Manitoba Regional Chief Kevin T. Hart, Assembly of First Nations, Canada.

Kevin T. Hart: NMAI’s Meet Native America Series

Dennis Zotigh

In the interview series Meet Native America, the Smithsonian National Museum of the American Indian invites tribal leaders, cultural figures, and other interesting and accomplished Native individuals to introduce themselves and say a little about their lives and work. Together, their responses illustrate the diversity of the indigenous communities of the Western Hemisphere, as well as their shared concerns, and offer insights beyond what’s in the news to the ideas and experiences of Native peoples today.

Please introduce yourself with your name and title.

My name is Kevin T. Hart. I am the Manitoba Regional Chief for the Assembly of First Nations of Canada.

What First Nation are you affiliated with?

The Nisichawayasihk Cree Nation, Treaty 5. I grew up on the Opaskwayak Cree Nation. I presently reside on my wife’s community, the Sagkeeng First Nation, which is a signatory to Treaty 1.

What is a significant point in history from your First Nation that you would like to share?

The vision of the elders from the Nisichawayasihk Cree Nation to move the community to a higher ground. The elders foresaw that the flood Manitoba Hydro did to the northern region in the 1960s would completely devastate the lands of my people.

How is your provincial government set up?

The provincial government is set up like the Iroquois Confederacy. All of the Canadian legislatures and the parliament are built upon the same government system.

How are ministers chosen?

Ministers are chosen by their leaders provincially and federally.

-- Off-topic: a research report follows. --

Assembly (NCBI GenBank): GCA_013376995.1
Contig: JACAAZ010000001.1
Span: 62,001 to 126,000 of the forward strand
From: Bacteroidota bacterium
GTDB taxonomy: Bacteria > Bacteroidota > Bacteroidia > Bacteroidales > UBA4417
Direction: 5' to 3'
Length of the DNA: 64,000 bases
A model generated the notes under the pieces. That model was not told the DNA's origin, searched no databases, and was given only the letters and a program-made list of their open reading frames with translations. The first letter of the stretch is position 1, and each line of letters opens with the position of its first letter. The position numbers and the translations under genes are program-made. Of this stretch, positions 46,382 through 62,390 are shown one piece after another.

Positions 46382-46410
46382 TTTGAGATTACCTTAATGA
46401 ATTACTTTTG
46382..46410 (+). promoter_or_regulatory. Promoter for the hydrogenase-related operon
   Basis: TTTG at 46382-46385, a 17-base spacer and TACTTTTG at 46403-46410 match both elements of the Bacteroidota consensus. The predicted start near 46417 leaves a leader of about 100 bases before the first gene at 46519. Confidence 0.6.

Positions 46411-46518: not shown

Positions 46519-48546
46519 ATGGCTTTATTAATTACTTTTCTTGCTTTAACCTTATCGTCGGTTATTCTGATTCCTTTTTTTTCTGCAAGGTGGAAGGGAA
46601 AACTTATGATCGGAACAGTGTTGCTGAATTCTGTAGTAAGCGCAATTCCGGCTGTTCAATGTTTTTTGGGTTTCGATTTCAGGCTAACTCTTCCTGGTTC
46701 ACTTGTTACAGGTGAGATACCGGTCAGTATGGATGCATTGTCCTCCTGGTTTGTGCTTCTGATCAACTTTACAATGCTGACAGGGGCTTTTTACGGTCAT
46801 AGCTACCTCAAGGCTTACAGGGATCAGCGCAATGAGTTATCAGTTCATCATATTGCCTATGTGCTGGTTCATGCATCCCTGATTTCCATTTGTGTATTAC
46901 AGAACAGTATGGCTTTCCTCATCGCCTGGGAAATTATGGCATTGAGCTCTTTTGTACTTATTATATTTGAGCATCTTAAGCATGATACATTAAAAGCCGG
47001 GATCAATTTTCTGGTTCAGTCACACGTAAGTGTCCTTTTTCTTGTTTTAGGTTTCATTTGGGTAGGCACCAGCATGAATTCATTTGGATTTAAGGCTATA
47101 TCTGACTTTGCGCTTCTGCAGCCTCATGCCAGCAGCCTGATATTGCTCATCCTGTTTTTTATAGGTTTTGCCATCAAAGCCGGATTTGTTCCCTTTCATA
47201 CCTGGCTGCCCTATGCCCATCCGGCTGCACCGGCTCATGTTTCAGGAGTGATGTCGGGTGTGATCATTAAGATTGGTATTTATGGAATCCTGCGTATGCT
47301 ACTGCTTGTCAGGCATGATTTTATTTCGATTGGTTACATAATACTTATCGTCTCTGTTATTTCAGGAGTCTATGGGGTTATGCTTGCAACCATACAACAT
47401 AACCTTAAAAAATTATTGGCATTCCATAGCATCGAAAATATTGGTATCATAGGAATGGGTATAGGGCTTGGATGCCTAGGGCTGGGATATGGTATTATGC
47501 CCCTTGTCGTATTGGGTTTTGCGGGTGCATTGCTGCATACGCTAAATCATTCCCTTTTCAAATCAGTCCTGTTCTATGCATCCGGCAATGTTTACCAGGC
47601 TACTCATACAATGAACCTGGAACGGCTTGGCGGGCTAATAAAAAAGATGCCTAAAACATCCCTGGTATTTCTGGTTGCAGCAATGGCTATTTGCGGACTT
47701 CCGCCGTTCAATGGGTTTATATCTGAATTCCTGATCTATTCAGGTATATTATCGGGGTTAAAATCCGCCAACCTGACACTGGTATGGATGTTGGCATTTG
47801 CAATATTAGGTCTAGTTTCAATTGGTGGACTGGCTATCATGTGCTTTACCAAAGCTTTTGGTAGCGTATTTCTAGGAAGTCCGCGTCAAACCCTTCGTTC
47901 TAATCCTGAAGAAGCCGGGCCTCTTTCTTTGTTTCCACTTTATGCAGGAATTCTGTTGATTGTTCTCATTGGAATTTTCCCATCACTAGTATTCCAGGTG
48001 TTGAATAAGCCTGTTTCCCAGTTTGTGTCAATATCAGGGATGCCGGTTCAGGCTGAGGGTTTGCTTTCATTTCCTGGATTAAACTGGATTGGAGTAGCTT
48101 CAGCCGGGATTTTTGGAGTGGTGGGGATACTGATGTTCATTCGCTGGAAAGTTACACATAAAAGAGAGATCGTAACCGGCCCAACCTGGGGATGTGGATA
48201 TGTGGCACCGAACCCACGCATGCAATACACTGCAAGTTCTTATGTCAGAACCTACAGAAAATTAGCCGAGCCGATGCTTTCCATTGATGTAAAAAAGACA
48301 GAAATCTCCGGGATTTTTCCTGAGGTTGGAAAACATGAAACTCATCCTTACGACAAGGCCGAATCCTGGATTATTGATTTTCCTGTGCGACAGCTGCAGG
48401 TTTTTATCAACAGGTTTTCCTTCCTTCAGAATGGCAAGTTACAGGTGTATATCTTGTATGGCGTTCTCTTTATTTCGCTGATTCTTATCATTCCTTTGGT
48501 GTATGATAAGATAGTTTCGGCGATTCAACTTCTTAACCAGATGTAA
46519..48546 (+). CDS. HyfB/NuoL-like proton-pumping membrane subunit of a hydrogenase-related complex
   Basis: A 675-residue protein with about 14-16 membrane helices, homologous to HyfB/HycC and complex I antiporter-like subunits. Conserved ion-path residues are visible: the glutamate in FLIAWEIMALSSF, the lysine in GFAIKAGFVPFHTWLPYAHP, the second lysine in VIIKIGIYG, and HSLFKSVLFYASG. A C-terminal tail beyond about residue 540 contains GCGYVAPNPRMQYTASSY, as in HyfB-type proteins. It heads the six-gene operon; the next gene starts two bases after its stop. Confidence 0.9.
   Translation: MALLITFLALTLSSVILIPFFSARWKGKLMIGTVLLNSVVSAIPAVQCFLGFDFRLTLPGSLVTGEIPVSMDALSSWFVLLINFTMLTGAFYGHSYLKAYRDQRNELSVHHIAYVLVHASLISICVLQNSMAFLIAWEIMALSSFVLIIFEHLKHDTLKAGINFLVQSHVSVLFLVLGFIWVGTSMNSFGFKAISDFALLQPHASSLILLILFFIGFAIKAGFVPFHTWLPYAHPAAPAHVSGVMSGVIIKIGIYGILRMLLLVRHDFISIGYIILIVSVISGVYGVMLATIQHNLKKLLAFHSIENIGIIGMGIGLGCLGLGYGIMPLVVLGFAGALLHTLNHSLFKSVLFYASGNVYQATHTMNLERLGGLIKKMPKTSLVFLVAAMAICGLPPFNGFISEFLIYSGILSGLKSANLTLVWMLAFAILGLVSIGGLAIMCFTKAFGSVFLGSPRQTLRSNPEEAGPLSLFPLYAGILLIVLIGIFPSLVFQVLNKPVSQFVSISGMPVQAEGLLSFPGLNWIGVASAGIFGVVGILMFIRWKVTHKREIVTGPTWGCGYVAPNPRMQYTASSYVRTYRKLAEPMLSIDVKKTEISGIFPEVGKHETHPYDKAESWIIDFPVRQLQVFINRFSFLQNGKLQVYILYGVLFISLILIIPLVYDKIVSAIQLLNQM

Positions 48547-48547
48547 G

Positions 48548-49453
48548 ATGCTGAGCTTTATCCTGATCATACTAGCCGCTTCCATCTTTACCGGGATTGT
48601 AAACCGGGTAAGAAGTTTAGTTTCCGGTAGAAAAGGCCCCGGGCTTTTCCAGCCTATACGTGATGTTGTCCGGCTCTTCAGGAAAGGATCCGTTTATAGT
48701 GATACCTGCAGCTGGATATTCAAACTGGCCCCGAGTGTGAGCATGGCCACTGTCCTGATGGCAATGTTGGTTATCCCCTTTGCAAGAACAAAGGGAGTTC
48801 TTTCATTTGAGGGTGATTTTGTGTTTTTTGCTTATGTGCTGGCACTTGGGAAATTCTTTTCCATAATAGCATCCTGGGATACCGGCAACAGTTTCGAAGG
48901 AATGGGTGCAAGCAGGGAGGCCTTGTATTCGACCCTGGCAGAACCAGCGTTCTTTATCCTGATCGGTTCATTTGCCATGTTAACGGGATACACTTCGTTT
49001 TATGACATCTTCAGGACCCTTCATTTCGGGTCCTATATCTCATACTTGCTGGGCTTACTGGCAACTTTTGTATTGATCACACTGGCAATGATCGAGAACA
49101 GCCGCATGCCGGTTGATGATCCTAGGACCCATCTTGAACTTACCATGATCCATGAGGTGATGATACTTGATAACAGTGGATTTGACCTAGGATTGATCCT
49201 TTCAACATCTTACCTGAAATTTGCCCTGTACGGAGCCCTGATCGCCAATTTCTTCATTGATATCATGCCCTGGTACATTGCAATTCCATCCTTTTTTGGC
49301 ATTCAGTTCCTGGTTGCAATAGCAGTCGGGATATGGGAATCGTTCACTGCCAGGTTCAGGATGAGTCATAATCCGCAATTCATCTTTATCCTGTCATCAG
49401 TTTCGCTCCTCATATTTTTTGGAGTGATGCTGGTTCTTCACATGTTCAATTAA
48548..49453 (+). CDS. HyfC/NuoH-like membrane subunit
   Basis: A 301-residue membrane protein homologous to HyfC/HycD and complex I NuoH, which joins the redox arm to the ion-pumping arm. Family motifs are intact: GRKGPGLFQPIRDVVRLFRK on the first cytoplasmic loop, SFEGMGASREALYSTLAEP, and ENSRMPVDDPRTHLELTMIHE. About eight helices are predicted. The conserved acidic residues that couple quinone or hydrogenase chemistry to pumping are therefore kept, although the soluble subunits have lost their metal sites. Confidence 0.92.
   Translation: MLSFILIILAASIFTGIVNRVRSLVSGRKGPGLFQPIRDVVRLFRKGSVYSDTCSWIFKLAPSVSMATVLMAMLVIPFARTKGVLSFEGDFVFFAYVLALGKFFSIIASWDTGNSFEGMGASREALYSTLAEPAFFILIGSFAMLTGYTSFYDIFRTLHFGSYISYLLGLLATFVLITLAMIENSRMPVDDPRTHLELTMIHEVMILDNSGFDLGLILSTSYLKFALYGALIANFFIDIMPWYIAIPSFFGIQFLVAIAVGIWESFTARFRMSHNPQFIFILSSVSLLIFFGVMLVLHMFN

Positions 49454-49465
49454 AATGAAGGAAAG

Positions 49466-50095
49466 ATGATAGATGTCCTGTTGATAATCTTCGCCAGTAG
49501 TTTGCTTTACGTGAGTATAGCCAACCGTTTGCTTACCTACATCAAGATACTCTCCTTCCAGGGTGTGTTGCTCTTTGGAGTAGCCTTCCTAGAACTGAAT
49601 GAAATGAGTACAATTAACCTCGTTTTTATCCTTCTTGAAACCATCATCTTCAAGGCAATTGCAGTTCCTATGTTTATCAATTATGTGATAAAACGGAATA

Is there a political party that is more dominant than others in your province? Do legislators vote along party lines?

The NPD (New Democratic Party) is dominant in the province. The Liberal Party is the dominant party federally. Historically, Native people have been loyal to the NDP, but there are other Native candidates running as members of the other political parties.

Are there other Natives who are elected leaders in your province?

Yes, there are a number of elected leaders in the province: Grand Chief Derek Nepinak for the Assembly of Manitoba Chiefs; Southern Chiefs Organization Grand Chief Terrance Nelson; Manitoba Keewatinowi Okimakanak Grand Chief Sheila North–Wilson; Amanda Lathlin, the Member of the Legislative Assembly for The Pas; Kevin Chief, the Member of the Legislative Assembly for Point Douglas; Brian Bowman, Mayor of Winnipeg; Deputy Premier of Manitoba and Minister of Aboriginal Affairs the Honorable Eric Robison; and Robert Falcon-Ouellette, Member of Parliament for Winnipeg Centre.

Do the Native people in Manitoba vote in provincial elections?

Yes and no. Some of the people practice their sovereignty. In the most recent federal election, however, the vote in First Nations northern communities increased by 40 percent from the previous election in 2011. The Rock the Vote movement successfully mobilized First Nations people in northern Manitoba to come out and vote. Through public education, identification seminars, and social media, First Nations came out to vote in record numbers.

How often does your ministry meet?

The Assembly of First Nations executive committee meets quarterly, and its members are in dialogue on a daily basis. There are 634 First Nations communities across Canada that the Assembly of First Nation works with in different regions. The elected leaders of the provincial Assembly of First Nations have responsibility for their regions as well as national responsibility for specific portfolios.

What responsibilities do you have as a provincial minister?

The portfolios that I am responsible for nationally are Water; Infrastructure; Housing; Social, Child, and Family Services; Indian Gaming; Food Security; and Alternative Energy.

To read the full interview, visit the NMAI series here.

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